Court of Justice of the European Union Finds Individuals Have a “Right to be Forgotten” Under Data Protection Law

May 14, 2014

Court defines its territorial reach and obliges Google to remove “old” unwanted personal data from web search results

In a landmark ruling on 13 May 2014, the Court of Justice of the European Union (“CJEU”), the EU’s highest court, sitting as a “grand chamber” of 13 judges, found that Google was obliged to remove from its search engine databases the personal data of an individual even though that information was accurate and not “prejudicial.” The decision will have wide-reaching ramifications not only for search engines but also for other businesses operating on the internet.

In short, the CJEU found that Google Inc. (“Google U.S.”):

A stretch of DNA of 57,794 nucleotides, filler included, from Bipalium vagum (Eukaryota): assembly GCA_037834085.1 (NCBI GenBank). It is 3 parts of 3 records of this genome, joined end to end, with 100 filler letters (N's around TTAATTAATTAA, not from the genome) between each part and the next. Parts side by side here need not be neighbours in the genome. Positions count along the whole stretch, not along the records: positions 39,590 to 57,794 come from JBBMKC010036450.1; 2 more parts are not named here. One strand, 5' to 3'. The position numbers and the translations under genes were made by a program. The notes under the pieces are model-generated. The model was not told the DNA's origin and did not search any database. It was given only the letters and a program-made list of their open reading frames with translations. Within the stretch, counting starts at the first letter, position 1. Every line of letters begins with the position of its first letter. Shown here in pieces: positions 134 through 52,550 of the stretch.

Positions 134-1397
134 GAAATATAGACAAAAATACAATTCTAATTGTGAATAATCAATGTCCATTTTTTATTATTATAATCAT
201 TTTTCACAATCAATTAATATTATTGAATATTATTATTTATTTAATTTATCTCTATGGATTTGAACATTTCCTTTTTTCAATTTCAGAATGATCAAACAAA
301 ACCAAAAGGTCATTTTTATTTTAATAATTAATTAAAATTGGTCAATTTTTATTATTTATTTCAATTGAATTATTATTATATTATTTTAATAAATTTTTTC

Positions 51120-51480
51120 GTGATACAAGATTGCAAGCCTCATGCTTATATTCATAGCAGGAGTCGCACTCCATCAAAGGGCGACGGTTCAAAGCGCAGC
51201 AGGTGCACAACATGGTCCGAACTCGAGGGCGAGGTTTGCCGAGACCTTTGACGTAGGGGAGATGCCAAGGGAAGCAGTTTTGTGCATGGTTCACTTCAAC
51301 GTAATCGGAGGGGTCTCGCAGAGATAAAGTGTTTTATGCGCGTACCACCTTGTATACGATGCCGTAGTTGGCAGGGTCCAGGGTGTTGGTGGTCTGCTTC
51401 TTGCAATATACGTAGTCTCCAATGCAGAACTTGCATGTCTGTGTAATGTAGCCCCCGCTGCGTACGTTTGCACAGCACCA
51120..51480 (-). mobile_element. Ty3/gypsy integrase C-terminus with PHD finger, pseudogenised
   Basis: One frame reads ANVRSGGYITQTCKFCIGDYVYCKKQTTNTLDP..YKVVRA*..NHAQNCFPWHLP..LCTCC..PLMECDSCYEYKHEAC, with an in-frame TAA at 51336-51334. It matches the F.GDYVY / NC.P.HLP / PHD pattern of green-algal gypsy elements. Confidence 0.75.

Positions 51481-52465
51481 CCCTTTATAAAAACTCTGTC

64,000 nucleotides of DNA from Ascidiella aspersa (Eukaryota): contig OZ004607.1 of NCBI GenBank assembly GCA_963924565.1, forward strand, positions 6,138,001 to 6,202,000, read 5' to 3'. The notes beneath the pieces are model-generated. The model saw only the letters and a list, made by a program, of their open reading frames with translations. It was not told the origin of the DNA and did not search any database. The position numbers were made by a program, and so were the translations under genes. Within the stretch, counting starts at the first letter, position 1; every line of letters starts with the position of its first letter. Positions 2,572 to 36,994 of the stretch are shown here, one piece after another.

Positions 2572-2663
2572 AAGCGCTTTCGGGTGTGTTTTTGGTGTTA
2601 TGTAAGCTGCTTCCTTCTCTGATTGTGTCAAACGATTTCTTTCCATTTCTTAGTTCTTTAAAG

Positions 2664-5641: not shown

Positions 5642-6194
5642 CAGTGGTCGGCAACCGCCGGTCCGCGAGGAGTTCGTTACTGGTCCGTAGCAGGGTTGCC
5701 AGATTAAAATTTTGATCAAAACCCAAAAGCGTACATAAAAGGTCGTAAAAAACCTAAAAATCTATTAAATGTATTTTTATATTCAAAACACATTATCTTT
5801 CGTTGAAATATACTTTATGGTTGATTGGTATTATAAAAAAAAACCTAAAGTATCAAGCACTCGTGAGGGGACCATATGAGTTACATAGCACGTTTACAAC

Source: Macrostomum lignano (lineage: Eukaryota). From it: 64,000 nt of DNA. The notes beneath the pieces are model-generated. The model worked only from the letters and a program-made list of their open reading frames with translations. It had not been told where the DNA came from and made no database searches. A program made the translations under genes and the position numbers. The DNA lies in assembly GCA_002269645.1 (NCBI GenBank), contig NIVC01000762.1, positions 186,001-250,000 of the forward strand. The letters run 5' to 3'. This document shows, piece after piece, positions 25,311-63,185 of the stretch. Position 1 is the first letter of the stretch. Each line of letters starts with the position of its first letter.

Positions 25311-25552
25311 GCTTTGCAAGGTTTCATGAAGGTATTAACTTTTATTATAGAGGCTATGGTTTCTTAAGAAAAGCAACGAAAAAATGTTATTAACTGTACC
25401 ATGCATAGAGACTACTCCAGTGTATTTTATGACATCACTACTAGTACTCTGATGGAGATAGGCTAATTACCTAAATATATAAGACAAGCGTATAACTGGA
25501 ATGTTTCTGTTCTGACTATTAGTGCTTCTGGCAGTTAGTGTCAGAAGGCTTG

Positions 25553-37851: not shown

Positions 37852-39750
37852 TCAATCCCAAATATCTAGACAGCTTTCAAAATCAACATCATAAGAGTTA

• Was subject to Spanish data protection law, despite it being a US company with no direct presence in Spain, because it had a sales and marketing affiliate operating in Spain and the activities of those two entities were sufficiently close;
  • Was “processing” personal data in collecting information containing information about individuals and providing search results in response to searches on names; and
  • Was therefore subject to EU rules on “erasure” and “cessation” of processing, with the result that individuals have the right to require Google to remove personal data about them which is old (even if true) or is otherwise incompatible with European data protection requirements.

The case must also be considered in the light of proposals to enshrine a to-be-defined “Right to be Forgotten” within wider reform of EU data protection law. In its surprising judgment, the CJEU has in effect stated that that right already exists.

Unusually, the CJEU did not follow the advice of its Advocate General, who in 2013 gave an opinion favorable to Google.

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